The Great Pretender

Jimmy Sabatino scammed millions of dollars' worth of goods and services by claiming he was a Hollywood player. But the self-described Mafia kid played too rough when he threatened to kill President Clinton.

Organized crime is central to Jimmy Sabatino's identity. Often he is the one to bring up the connection. He once told a friend that 75 percent of his business was in the music industry and the remaining 25 percent was in the "Family" business, meaning the Mafia.

"That's a bunch of bullshit," counters a member of South Florida's multiagency Metropolitan Organized Crime Intelligence Unit who insists on anonymity. "Who [in organized crime] would want a guy like him around? How can you trust him? Everything he does draws attention, and attention is usually something you try to avoid."

Julio Iglesias  is popular with the kids, despite those Pink Floyd bastards and slack promotion by Sony's Tommy Mottola
Julio Iglesias is popular with the kids, despite those Pink Floyd bastards and slack promotion by Sony's Tommy Mottola

First-class airline tickets, luxury hotel rooms, limousines, cell phones, pagers by the hundreds, scores of computers -- based on this extensive list of booty, it's impossible to document the number of scams Sabatino has pulled off. The victims include PolyGram, Disney, Delta Air Lines, and American Express. By simply posing as Tommy Mottola's nephew, he used the Sony name to defraud Mac Warehouse of $60,000 in laptop computers, New York's Waldorf-Astoria of $16,000 in rooms and services, and the New York Marriott Marquis of more than $20,000. In Los Angeles he ran up a $16,000 bill at the Ritz-Carlton. His rap sheet spans the globe.

"He's embarrassed many, many companies," says Max the security consultant, who asserts that Sabatino has committed many more crimes than he's been charged with. "I got after him pretty good every time he went after us, but other companies get so embarrassed they hide in the woodwork. Often they won't press charges, preferring instead that the whole thing just disappear."

Max has assembled a Sabatino file five inches thick. Inside it are pictures of the young con artist, the names of other companies he's targeted, of hotels he's ripped off, and of police detectives to whom Max has spoken over the years. Sabatino occasionally calls him just to talk, sometimes from prison. "Jimmy's a likable kid," Max says. "He's a criminal, though. I had a guy from a hotel in New York call me up to say that he sees a discrepancy in this bill for $33,000. He asked if I knew anyone named James Sabatino. When the guy found out all that Jimmy had done, he realized [Sabatino had] run up a hell of a bigger loss than that."

Sabatino's methods are simple, though they usually require a bit of advance work. Say he's targeting a hotel. The first thing he does is write a letter to a major company such as Disney or PolyGram. The response invariably comes back on the company's letterhead and is signed by a company official. A few days before checking in, he'll fax the hotel's front desk with a letter from the official at the company announcing that James Sabatino will be staying at the hotel and that the company will be paying all his charges. Usually it's no more complicated than that, though Sabatino is willing to put in extra work when necessary.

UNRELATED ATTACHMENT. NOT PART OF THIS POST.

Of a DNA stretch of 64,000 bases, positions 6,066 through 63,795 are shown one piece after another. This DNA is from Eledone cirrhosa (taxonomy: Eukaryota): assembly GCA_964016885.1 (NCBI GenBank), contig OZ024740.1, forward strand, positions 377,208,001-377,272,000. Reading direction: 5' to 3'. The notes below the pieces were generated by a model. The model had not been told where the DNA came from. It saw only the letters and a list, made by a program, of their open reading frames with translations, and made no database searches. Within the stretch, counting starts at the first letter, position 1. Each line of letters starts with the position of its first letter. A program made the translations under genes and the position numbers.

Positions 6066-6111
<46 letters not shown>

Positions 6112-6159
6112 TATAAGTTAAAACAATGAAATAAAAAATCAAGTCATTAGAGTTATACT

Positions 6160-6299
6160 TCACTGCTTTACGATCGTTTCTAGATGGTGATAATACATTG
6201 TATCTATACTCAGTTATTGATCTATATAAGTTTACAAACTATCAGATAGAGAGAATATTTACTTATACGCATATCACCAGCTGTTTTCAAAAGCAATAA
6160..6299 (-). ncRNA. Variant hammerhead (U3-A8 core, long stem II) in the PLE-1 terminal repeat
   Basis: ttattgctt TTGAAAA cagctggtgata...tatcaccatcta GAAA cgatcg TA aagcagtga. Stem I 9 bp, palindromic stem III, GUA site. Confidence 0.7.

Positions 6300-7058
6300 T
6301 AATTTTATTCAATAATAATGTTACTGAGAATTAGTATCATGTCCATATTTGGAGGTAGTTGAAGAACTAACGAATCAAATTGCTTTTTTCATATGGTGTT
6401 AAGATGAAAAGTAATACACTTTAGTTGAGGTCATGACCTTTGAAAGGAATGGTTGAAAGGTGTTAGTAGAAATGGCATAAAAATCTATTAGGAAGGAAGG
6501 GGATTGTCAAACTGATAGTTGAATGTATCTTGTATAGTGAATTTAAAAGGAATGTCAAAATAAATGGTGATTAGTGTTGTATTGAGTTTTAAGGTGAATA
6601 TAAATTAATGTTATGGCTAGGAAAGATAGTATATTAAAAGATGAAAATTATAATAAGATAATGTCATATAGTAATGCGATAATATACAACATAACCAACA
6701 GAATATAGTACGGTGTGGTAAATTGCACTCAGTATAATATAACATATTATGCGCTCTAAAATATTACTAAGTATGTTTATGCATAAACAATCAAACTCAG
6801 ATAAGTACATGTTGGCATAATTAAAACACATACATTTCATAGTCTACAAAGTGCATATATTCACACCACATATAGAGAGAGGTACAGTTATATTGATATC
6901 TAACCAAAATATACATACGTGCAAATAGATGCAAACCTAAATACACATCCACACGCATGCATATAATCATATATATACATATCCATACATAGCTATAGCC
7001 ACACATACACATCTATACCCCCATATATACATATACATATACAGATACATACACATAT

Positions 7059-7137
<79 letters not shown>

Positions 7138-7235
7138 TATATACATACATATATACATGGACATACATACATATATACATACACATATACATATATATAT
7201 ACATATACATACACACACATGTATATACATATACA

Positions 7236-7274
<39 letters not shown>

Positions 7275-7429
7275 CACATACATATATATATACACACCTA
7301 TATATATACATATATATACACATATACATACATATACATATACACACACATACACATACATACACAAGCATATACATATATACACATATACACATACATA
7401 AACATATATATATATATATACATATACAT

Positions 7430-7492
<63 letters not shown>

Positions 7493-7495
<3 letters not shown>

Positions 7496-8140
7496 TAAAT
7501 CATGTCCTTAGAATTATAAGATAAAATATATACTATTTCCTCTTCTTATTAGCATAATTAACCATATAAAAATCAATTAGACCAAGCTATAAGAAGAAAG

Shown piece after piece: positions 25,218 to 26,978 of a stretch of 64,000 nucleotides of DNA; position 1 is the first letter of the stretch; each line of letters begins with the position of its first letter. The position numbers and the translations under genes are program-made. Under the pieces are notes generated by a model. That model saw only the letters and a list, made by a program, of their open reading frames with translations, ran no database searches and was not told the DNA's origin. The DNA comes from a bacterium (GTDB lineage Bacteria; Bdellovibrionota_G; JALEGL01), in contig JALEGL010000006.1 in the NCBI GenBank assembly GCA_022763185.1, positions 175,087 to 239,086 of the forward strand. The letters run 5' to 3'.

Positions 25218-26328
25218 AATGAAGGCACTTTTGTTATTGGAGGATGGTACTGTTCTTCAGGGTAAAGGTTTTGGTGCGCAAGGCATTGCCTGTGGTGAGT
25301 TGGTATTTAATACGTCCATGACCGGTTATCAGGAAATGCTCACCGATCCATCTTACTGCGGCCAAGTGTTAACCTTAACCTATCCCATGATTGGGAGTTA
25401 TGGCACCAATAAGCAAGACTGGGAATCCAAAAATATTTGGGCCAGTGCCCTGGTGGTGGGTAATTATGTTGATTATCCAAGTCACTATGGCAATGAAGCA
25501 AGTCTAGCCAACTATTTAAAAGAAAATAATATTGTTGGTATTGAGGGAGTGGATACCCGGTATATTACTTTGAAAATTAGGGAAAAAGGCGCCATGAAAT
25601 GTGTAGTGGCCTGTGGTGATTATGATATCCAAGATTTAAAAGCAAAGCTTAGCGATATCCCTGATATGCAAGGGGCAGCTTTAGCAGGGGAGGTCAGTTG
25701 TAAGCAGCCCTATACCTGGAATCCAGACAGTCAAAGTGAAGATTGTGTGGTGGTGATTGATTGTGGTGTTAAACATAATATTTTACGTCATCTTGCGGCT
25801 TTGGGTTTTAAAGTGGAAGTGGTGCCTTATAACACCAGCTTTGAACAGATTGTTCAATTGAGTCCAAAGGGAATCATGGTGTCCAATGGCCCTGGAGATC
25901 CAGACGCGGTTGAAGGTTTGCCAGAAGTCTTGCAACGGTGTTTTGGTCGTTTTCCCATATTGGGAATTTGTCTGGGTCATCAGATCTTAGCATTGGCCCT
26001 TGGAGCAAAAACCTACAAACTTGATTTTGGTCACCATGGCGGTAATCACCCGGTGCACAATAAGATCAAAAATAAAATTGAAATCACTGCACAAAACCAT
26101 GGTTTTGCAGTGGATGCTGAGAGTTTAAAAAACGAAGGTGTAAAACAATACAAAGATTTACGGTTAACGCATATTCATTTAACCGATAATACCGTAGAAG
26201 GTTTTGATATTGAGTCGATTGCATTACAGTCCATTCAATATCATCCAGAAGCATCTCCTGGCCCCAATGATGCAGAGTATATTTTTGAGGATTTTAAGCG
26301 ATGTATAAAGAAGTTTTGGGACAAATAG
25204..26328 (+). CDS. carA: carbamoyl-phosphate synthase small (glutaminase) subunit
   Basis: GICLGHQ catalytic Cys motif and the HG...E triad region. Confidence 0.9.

"He'll call a company and say he'd like to speak to the comptroller," explains Max. "Then he'll ask to be directed to the comptroller's comptroller, then to the comptroller's comptroller's comptroller. Finally he'll go, 'Gee, I'm doing the budget. I've got the first four numbers of the budget code [the numbers he needs to bill a hotel room to the company] and I'm having trouble getting the last four numbers.' He gets information from whoever he talks to, and from that they wind up with a problem."

The hotel rooms and airplane seats are almost always booked in his real name; it's one of his calling cards. The entertainment industry is also a common thread running through most of his cons. When he was arrested in Boca Raton on the outstanding warrant for stealing pagers, he gave his occupation as the president of Soundstorm, his own (defunct) music label. He once charged $6000 worth of gifts at Tiffany & Co. in New York City to BMG Entertainment, a recording-industry giant. He brags that he's tight with rappers Lil' Kim, Lil' Cease, and others in the Junior M.A.F.I.A., a rap coalition sponsored by Biggie Smalls, the late rap superstar. Sabatino has boasted of attending the 1995 Grammy Awards with Smalls.

"He's a flashy, flamboyant wannabe in the music industry," Max continues. "He has his own labels. He can go up to a guy like Puff Daddy and bullshit him for two hours, and Puff wouldn't know the difference. He doesn't understand why he's not the next agent for Michael Jackson. The hotels and the limousines, the champagne are all part of his image. He has to have that."

Sabatino often took his hotels and limos and liquor in Atlanta, a capital in the rap-music industry. He always stayed first class and for free, even after getting caught. In May 1994 he conned the Nikko hotel for rooms by posing as a Coca-Cola executive. After a few days, he was discovered and arrested. As soon as his father posted the $5000 bail, Jimmy immediately moved his posse to the Hilton hotel across the street. A week later he jumped to the Renaissance hotel. The same detective arrested him every time. Atlanta police sources say Coca-Cola officials still intend to press charges.

« Previous Page
Next Page »
My Voice Nation Help